In a 4-3 decision, the Colorado Supreme Court has ruled that a criminal defendant was entitled to his request to de-register as a sex offender because he completed the terms of his probationary sentence and therefore no longer had a conviction under the law.
Brian Keith McCulley pleaded guilty in 2000 to two counts of sexual assault. One of the charges, a misdemeanor, resulted in 60 days in jail while the other, a felony, carried a deferred judgment. In Colorado, deferred judgments allow for completion of probation lasting a period of months to years. If the defendant satisfies the conditions of probation, the court dismisses the case.
For his felony, McCulley had to serve four years on probation and register as a sex offender. In 2004, he completed the probation and a judge withdrew McCulley’s guilty plea and dismissed the charge against him.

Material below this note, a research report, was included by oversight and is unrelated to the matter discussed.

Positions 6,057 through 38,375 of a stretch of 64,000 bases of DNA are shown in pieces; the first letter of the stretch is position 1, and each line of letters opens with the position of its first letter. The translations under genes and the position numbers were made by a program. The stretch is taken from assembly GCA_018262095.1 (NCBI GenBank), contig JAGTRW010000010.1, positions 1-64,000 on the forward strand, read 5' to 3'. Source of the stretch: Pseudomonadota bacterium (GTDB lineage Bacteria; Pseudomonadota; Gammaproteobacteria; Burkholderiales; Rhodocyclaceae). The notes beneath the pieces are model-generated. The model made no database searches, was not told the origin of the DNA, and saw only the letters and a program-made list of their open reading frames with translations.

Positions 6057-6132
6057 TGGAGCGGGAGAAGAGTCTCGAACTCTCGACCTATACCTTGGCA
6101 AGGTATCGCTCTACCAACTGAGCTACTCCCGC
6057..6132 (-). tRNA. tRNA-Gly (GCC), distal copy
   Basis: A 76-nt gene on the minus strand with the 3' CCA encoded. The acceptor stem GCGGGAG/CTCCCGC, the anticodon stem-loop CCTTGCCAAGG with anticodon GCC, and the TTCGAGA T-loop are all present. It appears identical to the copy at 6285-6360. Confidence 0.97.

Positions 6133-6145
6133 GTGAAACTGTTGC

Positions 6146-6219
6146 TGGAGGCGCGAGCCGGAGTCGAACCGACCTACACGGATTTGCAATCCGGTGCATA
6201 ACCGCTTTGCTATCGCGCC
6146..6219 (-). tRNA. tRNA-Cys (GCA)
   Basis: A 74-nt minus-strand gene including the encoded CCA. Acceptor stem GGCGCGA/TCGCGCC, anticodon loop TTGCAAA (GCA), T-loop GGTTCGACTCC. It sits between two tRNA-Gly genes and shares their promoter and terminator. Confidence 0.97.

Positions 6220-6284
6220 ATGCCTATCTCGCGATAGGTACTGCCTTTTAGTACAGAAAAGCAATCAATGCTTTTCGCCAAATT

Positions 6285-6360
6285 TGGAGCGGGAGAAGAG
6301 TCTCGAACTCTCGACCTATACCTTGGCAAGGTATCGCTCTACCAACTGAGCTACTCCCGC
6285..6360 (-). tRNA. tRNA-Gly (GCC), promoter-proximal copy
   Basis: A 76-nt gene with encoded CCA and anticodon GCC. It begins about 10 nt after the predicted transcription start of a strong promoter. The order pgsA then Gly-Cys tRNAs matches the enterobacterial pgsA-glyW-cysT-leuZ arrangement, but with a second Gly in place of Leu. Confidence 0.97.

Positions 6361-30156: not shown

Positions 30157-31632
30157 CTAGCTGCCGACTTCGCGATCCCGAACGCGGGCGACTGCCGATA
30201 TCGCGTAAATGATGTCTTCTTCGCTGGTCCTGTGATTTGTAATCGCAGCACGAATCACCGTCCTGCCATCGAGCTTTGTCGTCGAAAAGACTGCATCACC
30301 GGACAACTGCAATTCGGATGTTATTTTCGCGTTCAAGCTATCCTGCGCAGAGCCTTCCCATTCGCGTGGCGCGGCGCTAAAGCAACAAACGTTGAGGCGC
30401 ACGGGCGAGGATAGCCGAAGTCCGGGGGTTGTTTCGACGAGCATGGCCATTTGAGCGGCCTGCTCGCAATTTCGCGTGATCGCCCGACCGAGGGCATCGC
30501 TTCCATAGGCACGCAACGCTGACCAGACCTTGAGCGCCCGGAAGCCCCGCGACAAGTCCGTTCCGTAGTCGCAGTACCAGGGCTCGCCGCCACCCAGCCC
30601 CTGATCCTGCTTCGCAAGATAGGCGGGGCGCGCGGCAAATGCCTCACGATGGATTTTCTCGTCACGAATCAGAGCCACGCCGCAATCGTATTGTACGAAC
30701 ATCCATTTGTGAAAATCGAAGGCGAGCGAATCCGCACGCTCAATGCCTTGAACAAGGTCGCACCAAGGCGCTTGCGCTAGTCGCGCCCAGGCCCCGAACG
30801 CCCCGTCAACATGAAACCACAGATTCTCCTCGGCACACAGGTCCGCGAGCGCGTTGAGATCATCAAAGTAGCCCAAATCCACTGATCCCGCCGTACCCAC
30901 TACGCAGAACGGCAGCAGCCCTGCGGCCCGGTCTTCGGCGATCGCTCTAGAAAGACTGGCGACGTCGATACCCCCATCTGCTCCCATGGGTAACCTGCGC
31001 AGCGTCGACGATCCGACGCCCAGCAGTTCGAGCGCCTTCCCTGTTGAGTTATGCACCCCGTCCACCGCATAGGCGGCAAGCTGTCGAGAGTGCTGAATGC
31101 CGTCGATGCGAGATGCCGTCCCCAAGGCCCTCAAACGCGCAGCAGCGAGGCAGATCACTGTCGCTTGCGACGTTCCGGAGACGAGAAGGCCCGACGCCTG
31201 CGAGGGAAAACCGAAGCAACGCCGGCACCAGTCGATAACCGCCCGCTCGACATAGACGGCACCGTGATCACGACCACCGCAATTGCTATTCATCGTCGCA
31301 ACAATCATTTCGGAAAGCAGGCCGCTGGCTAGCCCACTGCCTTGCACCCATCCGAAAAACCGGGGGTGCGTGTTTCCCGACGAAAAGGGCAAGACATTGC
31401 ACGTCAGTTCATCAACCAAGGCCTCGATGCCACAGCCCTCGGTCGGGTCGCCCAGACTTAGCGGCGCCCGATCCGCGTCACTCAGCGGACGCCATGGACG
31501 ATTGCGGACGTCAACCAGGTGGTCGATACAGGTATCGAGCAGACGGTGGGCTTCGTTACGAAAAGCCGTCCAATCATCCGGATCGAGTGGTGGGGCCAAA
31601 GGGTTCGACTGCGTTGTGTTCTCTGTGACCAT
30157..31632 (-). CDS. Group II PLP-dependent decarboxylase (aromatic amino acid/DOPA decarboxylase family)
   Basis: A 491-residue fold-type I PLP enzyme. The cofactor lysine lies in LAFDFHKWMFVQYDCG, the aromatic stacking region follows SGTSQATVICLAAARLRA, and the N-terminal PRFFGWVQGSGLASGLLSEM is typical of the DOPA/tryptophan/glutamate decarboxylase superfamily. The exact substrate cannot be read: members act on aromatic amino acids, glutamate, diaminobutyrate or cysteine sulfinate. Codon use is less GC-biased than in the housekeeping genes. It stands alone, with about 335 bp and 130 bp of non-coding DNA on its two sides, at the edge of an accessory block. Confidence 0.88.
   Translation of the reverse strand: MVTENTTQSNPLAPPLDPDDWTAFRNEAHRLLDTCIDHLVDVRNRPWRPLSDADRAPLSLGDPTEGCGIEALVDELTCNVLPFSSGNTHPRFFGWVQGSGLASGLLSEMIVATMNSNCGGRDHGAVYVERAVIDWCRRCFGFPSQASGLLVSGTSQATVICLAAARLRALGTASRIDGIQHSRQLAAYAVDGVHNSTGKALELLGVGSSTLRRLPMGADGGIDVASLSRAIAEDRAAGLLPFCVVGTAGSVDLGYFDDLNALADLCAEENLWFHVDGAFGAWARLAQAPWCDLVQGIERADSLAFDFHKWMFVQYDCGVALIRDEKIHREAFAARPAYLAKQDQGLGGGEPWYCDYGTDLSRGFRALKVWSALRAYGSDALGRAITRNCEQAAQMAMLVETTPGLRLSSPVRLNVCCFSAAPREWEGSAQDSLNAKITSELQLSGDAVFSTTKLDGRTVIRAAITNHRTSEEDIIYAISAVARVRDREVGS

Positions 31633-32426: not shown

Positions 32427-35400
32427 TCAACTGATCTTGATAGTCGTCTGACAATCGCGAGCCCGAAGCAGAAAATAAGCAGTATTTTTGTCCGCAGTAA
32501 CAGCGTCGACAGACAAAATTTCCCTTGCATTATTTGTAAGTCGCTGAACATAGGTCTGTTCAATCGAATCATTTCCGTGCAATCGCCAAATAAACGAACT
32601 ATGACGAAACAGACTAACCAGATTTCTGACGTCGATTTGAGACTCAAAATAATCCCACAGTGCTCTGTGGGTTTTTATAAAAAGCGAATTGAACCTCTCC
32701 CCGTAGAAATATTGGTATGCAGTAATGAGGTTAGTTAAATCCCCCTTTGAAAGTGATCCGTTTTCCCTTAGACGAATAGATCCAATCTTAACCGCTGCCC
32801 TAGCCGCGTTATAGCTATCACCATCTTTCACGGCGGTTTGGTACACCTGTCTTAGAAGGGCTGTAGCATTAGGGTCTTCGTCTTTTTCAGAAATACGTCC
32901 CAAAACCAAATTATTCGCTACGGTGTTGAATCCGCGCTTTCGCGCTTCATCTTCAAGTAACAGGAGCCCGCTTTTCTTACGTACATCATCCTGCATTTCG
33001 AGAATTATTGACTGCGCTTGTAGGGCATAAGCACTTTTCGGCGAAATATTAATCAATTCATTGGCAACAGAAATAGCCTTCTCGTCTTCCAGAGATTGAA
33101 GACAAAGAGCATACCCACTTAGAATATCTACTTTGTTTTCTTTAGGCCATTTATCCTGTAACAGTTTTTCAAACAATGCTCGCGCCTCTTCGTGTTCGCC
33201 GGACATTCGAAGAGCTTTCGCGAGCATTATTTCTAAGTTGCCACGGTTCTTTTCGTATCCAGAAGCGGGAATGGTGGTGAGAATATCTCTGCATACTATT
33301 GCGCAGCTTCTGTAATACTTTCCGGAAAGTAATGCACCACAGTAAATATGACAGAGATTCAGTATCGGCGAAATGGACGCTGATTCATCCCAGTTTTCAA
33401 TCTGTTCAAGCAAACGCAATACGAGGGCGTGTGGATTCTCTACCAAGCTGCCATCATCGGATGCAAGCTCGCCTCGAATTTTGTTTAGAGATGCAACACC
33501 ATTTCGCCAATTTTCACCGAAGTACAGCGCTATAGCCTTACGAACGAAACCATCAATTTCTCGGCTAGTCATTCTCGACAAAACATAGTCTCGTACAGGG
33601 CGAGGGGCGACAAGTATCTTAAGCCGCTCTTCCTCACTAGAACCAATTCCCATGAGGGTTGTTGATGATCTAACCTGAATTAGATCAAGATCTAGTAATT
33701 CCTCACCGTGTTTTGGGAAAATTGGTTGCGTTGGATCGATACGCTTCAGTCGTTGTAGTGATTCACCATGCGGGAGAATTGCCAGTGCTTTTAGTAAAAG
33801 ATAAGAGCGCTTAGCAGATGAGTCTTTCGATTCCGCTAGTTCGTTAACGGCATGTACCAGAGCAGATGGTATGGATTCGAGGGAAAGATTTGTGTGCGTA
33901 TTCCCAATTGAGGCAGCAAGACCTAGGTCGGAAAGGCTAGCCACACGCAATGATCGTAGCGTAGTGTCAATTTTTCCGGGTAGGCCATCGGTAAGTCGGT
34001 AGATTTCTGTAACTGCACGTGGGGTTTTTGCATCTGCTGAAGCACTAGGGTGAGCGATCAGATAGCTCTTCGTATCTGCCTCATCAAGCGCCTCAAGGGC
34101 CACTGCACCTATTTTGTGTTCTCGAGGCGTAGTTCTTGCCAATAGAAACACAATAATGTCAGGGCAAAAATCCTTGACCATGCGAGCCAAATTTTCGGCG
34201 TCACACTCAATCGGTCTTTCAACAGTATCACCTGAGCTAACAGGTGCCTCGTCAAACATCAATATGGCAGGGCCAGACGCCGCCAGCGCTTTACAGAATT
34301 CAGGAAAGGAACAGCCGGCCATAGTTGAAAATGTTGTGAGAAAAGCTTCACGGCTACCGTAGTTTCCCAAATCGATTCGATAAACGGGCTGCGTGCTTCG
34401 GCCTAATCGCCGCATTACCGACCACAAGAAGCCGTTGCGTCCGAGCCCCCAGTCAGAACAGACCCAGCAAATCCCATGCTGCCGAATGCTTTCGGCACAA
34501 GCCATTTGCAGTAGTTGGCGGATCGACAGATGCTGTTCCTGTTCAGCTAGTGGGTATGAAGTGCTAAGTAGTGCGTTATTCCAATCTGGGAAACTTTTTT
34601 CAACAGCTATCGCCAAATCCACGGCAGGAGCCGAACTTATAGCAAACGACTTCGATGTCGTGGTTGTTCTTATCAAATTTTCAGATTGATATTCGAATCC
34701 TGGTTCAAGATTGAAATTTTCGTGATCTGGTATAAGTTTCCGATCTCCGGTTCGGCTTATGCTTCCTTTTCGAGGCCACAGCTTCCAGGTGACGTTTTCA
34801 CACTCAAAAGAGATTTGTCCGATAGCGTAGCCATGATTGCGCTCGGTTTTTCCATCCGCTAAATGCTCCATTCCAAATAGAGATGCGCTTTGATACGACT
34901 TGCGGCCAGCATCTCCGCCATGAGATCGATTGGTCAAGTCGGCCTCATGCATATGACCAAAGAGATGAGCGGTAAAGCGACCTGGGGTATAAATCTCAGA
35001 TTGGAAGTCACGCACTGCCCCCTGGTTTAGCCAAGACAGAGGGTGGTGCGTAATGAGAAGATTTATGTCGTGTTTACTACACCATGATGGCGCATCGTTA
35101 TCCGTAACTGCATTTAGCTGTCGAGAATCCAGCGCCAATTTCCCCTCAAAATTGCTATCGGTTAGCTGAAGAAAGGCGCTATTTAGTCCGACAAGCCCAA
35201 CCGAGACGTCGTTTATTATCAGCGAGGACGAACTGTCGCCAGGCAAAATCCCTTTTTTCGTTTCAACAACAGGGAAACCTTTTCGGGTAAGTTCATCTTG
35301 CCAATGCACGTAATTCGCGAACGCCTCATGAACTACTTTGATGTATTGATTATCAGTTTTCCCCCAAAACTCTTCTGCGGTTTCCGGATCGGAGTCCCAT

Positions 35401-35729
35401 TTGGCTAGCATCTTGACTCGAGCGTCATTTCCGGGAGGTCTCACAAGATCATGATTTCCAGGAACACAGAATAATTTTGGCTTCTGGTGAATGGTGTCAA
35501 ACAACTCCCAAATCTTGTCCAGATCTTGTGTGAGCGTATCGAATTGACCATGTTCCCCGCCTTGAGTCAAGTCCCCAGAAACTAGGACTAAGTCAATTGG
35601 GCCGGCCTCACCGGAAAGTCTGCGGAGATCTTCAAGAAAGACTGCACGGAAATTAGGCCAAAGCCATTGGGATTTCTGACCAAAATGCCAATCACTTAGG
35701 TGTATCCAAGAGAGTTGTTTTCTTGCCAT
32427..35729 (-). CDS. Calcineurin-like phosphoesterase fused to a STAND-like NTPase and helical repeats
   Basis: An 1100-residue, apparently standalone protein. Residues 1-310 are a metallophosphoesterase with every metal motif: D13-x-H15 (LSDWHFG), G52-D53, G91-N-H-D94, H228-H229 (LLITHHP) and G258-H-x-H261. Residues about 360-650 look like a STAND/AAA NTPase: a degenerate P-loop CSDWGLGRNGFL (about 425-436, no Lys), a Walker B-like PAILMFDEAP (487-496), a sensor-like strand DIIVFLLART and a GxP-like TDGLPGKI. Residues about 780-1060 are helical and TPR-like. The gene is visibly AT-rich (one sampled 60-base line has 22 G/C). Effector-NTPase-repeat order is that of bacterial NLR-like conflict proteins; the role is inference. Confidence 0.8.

Years later, in 2016, McCulley petitioned to de-register as a sex offender. The Colorado Sex Offender Registration Act prevents someone who has more than one conviction from requesting such a discontinuation. Prosecutors argued that the law included the deferred judgment as a “conviction,” even though McCulley countered that his record, as it stood, only included one misdemeanor sex crime conviction.
A district court agreed with the prosecution, claiming that the “legislative intent” of the law was to bar even those with deferred sentences from de-registering in the state’s offender tracking system. The Colorado Court of Appeals also reached the same conclusion.
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